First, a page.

President Obama’s speech last week to university students in Jerusalem has received a lot of attention and a fair bit of praise (see herehere and here).

 

Leaving the politics aside – never easy on this topic – we saw it as a noteworthy address for the approach the President and his speechwriters took.

 

Coming into this speech it was clear many Israelis didn’t trust the President.  Here’s a rundown of the numbers.  Obama’s team knew this.  They also knew that in order to have anything the President said matter to the Israeli public they’d have to work to chip away at some of that mistrust.

 

We know from our work that one of the most effective ways of doing this is establishing common ground, which is exactly what this speech tried to do.

 

Here’s what it looked like.

 

‘I understand your circumstances’

A lot of the knock on Obama vis-à-vis Israel was that he was naïve about the circumstances – and threats – Israelis face.  His speech had to change that view.  He used the circumstances of individual Israelis to try to make clear that he does “get it.”

 

When I consider Israel’s security, I think about children like Osher Twito, who I met in Sderot – children, the same age as my own daughters, who went to bed at night fearful that a rocket would land in their bedroom simply because of who they are and where they live… I think about five Israelis who boarded a bus in Bulgaria, who were blown up because of where they came from.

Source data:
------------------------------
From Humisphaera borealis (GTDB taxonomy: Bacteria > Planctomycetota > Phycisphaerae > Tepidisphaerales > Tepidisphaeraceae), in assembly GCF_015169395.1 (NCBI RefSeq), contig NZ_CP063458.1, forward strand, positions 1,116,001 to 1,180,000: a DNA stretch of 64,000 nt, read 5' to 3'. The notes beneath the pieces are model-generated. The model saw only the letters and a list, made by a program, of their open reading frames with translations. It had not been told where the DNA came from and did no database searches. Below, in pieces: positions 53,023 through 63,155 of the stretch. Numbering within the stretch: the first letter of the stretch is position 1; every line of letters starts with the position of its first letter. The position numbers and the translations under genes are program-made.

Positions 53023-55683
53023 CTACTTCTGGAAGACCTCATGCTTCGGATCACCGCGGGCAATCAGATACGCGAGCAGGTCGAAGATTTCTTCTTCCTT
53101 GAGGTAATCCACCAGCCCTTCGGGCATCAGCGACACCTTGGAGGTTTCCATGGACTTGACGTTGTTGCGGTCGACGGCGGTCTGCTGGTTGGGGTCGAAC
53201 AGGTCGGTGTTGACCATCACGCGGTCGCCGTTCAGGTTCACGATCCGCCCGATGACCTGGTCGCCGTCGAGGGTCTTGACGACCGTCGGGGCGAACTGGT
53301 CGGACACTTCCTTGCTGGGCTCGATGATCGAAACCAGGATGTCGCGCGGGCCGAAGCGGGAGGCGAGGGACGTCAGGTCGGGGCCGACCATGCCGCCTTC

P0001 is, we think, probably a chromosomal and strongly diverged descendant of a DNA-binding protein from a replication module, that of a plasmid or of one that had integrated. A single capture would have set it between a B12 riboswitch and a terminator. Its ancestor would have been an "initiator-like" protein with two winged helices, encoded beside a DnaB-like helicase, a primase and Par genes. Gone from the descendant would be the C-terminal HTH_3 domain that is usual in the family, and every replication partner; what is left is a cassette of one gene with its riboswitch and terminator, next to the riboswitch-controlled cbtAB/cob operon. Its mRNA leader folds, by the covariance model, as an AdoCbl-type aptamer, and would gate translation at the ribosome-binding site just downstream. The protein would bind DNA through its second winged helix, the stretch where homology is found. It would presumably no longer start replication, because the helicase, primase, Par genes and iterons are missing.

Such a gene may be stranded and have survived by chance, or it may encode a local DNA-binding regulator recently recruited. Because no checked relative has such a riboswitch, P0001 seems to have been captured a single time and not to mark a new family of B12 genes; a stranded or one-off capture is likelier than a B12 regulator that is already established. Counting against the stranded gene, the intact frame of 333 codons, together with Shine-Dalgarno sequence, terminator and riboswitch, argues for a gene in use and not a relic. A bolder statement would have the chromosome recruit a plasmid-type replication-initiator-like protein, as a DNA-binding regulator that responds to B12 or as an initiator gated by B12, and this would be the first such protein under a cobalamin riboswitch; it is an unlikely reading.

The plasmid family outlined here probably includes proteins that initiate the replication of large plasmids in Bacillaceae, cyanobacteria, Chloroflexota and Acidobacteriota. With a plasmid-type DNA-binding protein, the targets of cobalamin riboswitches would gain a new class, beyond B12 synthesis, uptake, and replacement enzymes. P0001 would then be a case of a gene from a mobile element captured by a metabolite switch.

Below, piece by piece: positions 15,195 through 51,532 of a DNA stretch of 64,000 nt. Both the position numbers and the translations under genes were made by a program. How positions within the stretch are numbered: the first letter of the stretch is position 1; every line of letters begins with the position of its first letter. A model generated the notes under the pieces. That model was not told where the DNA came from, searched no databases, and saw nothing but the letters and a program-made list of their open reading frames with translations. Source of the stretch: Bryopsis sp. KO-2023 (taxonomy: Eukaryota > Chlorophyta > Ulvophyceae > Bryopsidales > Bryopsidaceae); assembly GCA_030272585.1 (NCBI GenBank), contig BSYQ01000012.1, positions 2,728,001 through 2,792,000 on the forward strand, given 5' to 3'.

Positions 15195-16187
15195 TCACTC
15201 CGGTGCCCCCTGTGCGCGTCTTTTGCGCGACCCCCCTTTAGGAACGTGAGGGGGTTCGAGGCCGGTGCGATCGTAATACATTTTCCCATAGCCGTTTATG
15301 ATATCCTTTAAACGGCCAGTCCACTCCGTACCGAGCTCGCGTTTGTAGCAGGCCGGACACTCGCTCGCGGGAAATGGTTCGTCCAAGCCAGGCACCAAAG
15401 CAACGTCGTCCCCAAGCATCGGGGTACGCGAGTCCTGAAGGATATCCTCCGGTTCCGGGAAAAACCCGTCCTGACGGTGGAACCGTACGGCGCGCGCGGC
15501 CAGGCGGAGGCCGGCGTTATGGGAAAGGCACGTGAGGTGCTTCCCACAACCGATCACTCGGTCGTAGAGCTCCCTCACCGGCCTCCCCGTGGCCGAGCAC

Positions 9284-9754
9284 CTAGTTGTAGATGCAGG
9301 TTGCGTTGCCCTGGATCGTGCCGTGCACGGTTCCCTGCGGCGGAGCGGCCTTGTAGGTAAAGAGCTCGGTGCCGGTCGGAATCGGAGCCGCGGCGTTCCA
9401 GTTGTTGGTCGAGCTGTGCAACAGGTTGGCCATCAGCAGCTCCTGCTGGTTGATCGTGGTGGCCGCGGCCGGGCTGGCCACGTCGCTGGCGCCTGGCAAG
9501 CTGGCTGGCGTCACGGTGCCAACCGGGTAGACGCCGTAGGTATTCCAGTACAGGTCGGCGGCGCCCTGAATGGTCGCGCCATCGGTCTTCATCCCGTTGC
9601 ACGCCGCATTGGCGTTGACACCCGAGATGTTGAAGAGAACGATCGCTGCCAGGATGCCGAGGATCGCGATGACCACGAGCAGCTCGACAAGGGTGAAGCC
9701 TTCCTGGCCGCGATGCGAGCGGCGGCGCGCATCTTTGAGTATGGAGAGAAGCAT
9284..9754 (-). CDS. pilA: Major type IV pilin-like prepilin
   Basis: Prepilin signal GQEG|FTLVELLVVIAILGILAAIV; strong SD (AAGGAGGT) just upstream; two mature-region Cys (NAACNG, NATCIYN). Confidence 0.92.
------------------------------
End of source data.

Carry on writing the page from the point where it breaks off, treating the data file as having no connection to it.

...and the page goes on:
‘We’re not so different’

Obama spent a lot of his speech building to a point of personal, emotional empathy. From his own family’s Seder dinners, to his personal history, he showed that he was culturally and emotionally capable of seeing the world through the Israeli people’s eyes:

 

For me personally, growing up in far-flung parts of the world and without firm roots, it spoke to a yearning within every human being for a home.

 

‘There’s a narrative that binds us’

By framing the U.S./Israeli relationship in the context of a broader, universal narrative of freedom in a homeland, he also strengthened the idea of a bond, a familial connection, a shared destiny between the two nations:

 

It is a story about finding freedom in your own land. For the Jewish people, this story is central to who you have become. But it is also a story that holds within it the universal human experience…In the United States – a nation made up of people who crossed oceans to start anew – we are naturally drawn to the idea of finding freedom in our land.

 

‘These bonds are unbreakable’

Not only did Obama express empathy and connection, he hardened the strength of these sentiments with an iron-clad promise of solidarity and support:

 

Today, I want to tell you – particularly the young people – that so long as there is a United States of America, Ah-tem lo lah-vahd [you are not alone].

 

It was only after establishing his understanding of the Israeli people, and the strength of the bond the two nations share, that he was able to attempt to deliver hard truths on the change required to build peace in the region.

 

More importantly, leading by example, he was credibly able to ask for understanding from his audience:

 

But the Palestinian people’s right to self-determination and justice must also be recognized. Put yourself in their shoes – look at the world through their eyes.

 

Full Video and Transcript of Obama’s speech can be found here

 

more insights